camera body or lens?


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moimoi

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Apr 10, 2008
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#1
hi all

this qn may be asked b4

is it more worth it to invest in a dslr body or a good lens? if budget is tight at the moment
 

Kit

Well-Known Member
Jan 19, 2002
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#2
You will natually know what to buy if you know what you need. If you don't know what you need, then don't buy anything at all until you figure it out.
 

giantcanopy

Senior Member
Feb 11, 2007
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#3
I am not for the arguement of buying lens because lens holds value more. I just think one should weigh the options against wat the user needs.

if u need the lens capability more get the lens.
if u need to get a particular body capability more, get the body.

And if budget is really too tight, u shld re-evaluate if the upgrading is really even necessary

Ryan
 

luntut

Senior Member
Oct 19, 2007
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#4
tight budget, dun play DSLR.

dun need to think too hard on how to make ends meet to buy that lens or body of yours, when you decided on waht to get.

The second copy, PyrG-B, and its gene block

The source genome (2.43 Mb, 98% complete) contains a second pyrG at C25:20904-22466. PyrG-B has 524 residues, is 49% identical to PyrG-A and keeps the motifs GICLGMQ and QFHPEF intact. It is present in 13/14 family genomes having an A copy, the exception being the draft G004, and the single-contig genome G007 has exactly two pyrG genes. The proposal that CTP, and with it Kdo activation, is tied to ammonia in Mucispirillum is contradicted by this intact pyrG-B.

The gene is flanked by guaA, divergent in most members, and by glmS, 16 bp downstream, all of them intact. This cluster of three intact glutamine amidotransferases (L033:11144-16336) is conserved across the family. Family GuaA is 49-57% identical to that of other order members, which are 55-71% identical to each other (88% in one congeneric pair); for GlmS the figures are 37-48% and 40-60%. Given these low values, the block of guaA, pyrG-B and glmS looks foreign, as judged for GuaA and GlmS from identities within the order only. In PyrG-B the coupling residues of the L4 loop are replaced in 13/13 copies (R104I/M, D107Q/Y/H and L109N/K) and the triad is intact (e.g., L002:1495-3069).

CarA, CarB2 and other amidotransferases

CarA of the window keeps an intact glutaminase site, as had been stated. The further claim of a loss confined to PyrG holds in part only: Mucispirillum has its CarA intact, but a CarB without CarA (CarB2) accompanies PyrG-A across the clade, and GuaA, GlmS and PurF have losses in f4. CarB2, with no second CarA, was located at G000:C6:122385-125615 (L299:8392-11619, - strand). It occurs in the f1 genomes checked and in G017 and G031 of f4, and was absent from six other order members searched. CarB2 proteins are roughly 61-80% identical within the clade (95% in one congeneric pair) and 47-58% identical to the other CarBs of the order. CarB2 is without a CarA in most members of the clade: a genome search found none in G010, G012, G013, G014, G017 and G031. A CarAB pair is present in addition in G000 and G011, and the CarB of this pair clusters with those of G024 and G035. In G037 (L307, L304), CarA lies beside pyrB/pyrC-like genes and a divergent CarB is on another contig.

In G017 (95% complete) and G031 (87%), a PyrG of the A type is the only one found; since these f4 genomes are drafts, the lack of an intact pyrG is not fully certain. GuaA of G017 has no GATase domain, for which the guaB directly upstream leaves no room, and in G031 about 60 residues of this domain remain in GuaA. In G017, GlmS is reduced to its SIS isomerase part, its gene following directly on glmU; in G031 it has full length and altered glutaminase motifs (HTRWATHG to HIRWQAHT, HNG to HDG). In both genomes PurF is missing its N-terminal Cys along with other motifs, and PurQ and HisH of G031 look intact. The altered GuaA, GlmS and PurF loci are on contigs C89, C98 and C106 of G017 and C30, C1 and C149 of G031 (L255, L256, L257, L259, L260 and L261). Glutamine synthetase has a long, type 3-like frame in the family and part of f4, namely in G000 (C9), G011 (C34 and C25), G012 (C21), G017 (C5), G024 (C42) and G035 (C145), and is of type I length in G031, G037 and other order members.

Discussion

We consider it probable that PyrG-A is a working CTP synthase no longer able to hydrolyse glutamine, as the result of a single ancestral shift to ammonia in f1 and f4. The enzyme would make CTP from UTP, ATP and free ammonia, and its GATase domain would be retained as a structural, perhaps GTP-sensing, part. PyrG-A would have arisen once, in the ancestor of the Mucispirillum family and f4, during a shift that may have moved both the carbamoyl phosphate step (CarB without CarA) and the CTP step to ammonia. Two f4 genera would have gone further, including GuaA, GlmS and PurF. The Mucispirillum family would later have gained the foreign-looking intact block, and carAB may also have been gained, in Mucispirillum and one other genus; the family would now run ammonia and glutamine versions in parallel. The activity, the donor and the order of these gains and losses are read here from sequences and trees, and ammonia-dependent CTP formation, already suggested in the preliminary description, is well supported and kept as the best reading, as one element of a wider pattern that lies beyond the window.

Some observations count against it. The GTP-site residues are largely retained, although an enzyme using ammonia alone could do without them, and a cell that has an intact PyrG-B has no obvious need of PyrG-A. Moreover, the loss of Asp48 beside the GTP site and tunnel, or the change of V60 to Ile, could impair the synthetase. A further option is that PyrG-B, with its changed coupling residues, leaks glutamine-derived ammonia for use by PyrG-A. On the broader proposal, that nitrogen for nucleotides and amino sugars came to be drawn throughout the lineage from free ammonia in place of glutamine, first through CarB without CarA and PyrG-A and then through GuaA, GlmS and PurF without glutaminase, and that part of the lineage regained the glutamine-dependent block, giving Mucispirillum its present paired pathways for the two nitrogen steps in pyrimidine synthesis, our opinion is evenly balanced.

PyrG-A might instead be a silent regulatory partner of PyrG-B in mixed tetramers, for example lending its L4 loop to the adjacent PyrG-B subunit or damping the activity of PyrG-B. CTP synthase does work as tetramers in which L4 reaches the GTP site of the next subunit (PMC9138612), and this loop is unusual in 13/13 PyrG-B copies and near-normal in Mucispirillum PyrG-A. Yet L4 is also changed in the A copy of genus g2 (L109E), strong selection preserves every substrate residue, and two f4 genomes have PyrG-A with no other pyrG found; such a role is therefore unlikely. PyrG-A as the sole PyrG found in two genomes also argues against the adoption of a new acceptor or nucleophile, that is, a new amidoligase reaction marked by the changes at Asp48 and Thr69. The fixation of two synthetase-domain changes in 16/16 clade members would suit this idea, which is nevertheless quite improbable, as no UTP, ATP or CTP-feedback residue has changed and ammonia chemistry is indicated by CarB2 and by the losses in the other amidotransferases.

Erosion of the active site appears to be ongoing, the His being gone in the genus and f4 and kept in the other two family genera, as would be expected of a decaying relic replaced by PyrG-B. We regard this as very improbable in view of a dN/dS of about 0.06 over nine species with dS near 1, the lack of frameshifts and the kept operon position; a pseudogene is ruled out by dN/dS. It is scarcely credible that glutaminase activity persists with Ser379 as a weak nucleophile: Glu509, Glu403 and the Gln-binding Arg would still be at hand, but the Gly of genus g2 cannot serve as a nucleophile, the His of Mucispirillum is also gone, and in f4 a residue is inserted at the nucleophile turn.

buy camera only when u got budget. excess budget.
 

moimoi

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Apr 10, 2008
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#5
how about picture quality. which would affect picture quality more? a better body or a better lens?

i'm not deciding btn the two, i'm just curious about it.

and i'm not tight on budget either.

i'm also not taking abt specific lens like for marco or for portraits.

like buying a better body use kit lens, or use a more basic body use a better lens, which produces better pics? for general purpose walkabout lens

if u think the topic is too stupid, then dont need to reply.
 

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calebk

Senior Member
Jul 25, 2006
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#7
You cannot weigh it like that, because in different situations, different remedies will be required. That is what Kit, Ryan and luntut are trying to bring across.

For instance, if your images regularly require you to shoot at high ISOs, and the noise control is not desirable, or you require fast, accurate AF for sports, then an upgrade of body is required.

On the flipside, if your lens range lacks a long lens for what you need to shoot, then a lens purchase is on hand.

Get what I mean? There is no one-track answer to which is more worth it or will affect your image quality more. They all do, in different ways. Whether they will benefit you depends on the situation you are in.
 

Trapper